Outside of the security industry, the terms penetration testing and vulnerability scanning are often used interchangeably. The reason for this is usually because owners and senior staff in smaller and medium businesses aren’t particularly well versed in the world of cybercrime, but are still in charge of their organisation’s security. In some cases, businesses will pay for what they think is a penetration test and actually receive a vulnerability scan.

Misunderstanding these terms can put your business at serious risk and also cost you a lot of money. So, what is the difference between a penetration test and a vulnerability scan, and which is best for your business?

What is vulnerability scanning?

Vulnerability scanning does exactly what it says on the tin – it’s the process of automatically scanning a business for vulnerabilities that are known within the security industry. Once the scan has been completed, a report that lists each vulnerability and recommends the next steps will be produced. A vulnerability scan should be performed on a continuous basis as new equipment, such as hardware or software, is added to a business’s network to give an indication of areas of weakness which need to be addressed.

What is penetration testing?

A penetration test differs from a vulnerability scan in that it doesn’t simply identify vulnerabilities, but actually attempts to exploit them. Basic penetration tests can be completed using automatic tools, but the most effective method is to combine automatic processes with human expertise. In these kinds of tests, a person will essentially hack a business’s network to see what information they can access and discover the depth of a problem. With penetration testing, the process is usually not complete until a vulnerability is successfully exploited and the ‘hacker’ has gained access.

What are the differences between vulnerability scanning and penetration testing?

 

Area Vulnerability scanning Penetration testing
Testing Run automatically by computer software

Standardised and permits only minor customisation

Vulnerabilities are not exploited

Only looks at common vulnerabilities and a limited number of areas

Unable to understand business logic

Conducted by security professionals

Customised on a test-by-test basis to meet client requirements

Vulnerabilities exploited to reveal the full impact of each issue

Creative process benefiting from the tester’s experience

Simulates the behaviour and thinking of a real-world attacker

Analyses the logic behind a system and recognises logic flaws

Analysis Includes potential and unverified vulnerabilities

Includes false positives

Risks are generalised and do not take into account the system architecture

Professionally interpreted to remove false positives and understand the real risks associated with each vulnerability
Reporting Automatically generated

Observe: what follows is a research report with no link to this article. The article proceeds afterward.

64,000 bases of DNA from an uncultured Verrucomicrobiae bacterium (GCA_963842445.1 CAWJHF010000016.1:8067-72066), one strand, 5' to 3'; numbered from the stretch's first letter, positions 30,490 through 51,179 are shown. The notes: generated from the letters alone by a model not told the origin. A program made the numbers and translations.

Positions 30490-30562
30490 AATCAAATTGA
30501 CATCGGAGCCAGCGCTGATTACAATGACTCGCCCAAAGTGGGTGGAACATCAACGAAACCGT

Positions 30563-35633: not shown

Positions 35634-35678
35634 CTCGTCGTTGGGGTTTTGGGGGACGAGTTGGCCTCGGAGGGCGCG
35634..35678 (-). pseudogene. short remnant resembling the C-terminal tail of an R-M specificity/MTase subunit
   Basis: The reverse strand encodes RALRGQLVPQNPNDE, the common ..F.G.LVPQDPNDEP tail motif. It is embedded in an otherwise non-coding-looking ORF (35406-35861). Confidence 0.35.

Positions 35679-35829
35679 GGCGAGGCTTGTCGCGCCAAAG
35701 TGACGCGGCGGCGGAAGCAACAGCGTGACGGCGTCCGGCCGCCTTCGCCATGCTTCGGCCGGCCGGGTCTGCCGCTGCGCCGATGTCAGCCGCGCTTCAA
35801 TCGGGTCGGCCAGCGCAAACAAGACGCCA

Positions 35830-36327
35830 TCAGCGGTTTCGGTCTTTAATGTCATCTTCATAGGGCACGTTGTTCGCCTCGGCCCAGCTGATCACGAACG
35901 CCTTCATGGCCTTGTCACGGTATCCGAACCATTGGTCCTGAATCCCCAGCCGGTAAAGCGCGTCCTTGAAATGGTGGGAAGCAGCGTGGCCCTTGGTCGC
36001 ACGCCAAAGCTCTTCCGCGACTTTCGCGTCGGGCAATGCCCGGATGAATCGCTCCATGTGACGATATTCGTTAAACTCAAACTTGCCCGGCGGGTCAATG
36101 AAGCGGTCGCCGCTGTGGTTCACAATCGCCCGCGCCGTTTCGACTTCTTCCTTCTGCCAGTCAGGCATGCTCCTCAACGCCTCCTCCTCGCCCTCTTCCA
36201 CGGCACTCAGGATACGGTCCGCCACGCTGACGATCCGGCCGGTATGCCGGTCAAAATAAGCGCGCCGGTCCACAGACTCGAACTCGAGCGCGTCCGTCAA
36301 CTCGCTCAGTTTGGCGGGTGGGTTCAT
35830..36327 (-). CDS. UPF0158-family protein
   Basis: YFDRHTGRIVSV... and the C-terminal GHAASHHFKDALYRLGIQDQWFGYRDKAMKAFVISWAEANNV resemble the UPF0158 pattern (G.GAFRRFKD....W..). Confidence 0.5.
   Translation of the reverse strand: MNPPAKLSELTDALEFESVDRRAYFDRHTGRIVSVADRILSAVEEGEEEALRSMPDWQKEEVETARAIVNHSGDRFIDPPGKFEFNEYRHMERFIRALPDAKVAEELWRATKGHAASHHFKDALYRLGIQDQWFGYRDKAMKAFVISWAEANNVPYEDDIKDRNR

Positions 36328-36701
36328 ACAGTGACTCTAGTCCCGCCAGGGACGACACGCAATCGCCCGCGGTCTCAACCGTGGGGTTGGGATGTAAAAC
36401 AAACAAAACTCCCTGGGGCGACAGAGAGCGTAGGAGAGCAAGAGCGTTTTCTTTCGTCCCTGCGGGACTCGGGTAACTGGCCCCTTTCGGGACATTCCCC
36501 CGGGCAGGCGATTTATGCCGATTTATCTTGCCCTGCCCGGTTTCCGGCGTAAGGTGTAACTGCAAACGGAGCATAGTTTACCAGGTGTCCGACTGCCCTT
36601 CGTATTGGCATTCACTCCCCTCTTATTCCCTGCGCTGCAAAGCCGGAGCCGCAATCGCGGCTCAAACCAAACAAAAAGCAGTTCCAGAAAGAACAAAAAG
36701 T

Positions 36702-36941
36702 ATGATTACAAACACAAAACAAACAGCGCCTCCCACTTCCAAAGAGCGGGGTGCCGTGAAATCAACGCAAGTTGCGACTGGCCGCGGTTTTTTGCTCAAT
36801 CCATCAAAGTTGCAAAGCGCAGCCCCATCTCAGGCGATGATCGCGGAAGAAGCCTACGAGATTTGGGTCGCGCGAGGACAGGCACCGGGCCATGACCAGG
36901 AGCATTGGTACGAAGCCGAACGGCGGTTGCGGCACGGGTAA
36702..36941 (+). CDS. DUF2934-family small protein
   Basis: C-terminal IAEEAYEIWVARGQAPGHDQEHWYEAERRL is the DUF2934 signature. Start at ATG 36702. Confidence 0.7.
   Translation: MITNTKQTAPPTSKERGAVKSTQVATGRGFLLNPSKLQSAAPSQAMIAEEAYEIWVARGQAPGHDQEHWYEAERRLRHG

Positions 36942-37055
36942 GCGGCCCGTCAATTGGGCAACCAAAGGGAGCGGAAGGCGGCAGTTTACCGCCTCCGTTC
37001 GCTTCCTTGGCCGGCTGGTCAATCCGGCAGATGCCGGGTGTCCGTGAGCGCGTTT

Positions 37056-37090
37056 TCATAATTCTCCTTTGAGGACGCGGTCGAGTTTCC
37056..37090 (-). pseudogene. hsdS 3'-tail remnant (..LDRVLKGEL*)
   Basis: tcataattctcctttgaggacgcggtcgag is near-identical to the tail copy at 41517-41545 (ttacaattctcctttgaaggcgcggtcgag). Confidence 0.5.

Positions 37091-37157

Often unclear and may be 100+ pages

Written by security experts and tailored to client systems and applications

Clear and concise

Includes high-level summary of findings

PCI DSS Satisfies PCI DSS 11.2 Satisfies PCI DSS 11.3

Which is best for my business?

The short answer is both. However, you need to understand what it is you will be gaining from each.

There are lots of reasons a business should undertake a vulnerability scan. It’s essential to examine your assets – including networks, servers, websites, applications etc. – to identify the strengths and weaknesses of each. Keeping this information up to date by doing a scan regularly and as you add new components to your network is essential. However, there are a few things to be aware of when it comes to vulnerability scans. The first is that they can throw up ‘false positives’, meaning that something can be a bigger weakness than the scan suggests. Another is that these scans only search for known vulnerabilities – this can out your business at risk of other threats that aren’t as common, aren’t known about, or simply aren’t being scanned for by the software.

The final thing to be aware of is that knowing your network is vulnerable to a certain threat is only useful if you understand the depth of the problem, how it will affect your business in real terms, and what you can do about it.

This is where penetration testing comes in. Rather than simply identifying your security weaknesses, a penetration test finds out if someone could actually exploit them and what is at risk if they gain access. They are also the best solution for identifying vulnerabilities that are harder or even impossible to detect with automated vulnerability scanning software. Perhaps most importantly, a penetration test proves the severity of a problem and identifies what you need to do in order to prevent a real-life attack, which can help with evidencing the need for investment in security technology to managers and customers alike.

While a vulnerability scan is an important routine piece of work that provides insight into your business’s security hygiene, undertaking a full penetration test which builds on the results of your scan at least once a year is an investment into your business’s real-life security.